Take note despite the recent improvements to the roads, it will still be rather rough and bumpy. There are quite a lot of rough patches. Make sure you secure your tools and water bottles properly as I’ve seen a few pop out during these segments. Also choose the right kind of tire and pump it to the right air pressure. Most triathletes overinflate tires such that its dampening effect becomes negated. This will lead to speed loss as your tires will be struggling for grip.
Take note that there will be aid stations every 15km (from the very start of the course). Water will be handed to you in mineral water bottles. Remember to practice how to do a proper bottle grab without stopping. It would help if you have a hydration system that will allow you to dump water without opening its lid. If you only have traditional bottles on board, you’d need to stop, unscrew the lid, pour the water in, and screw the lid back on. This takes a lot of effort and I’m sure you wouldn’t want to waste precious time. If you’re not confident with your handling abilities, play it safe and stop. When you do so, make sure you move to the side and stay out of the way of other riders. Don’t make any abrupt speed or direction changes as well; make your intentions known.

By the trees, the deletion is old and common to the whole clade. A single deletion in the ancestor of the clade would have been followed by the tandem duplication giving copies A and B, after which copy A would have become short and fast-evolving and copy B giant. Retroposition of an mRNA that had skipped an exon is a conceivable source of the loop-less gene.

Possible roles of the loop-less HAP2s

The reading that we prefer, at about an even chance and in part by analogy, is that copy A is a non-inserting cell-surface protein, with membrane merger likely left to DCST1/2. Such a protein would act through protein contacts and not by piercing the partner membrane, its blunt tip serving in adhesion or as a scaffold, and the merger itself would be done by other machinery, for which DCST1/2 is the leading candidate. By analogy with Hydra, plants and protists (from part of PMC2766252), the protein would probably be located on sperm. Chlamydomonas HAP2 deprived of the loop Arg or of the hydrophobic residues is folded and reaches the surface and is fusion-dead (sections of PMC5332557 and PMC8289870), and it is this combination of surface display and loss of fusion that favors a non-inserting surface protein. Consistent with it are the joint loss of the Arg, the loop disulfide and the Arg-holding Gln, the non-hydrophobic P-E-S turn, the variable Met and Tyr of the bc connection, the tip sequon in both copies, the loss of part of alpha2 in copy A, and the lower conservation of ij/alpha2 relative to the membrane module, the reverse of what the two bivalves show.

After the turnaround in Dinalupihan, the return trip is actually quite easier. The climb is gradual with a grade ranging from 3-5%. It’s long and steady. Take note that the toughest section is the second part of the ascent. After a quick downhill segment, you’ll need to switch back to the small chainring and mash your way up for 800m or so. The final downhill is long, fast, and actually quite scary. Avoid using your aerobars since it gets bit windy on this part of the course. Remember to be aware of where traffic is and always ride on the right side of the road.
The final part of the course is relatively flat (going back to Acea). Save for the steady ascent going towards NCT Road, the only hill you’ll encounter is the one adjacent to the airport. It’s short yet tough especially on tired legs so don’t underestimate it. Make sure to spin those legs out during the final kilometer leading to Acea.
New Course Map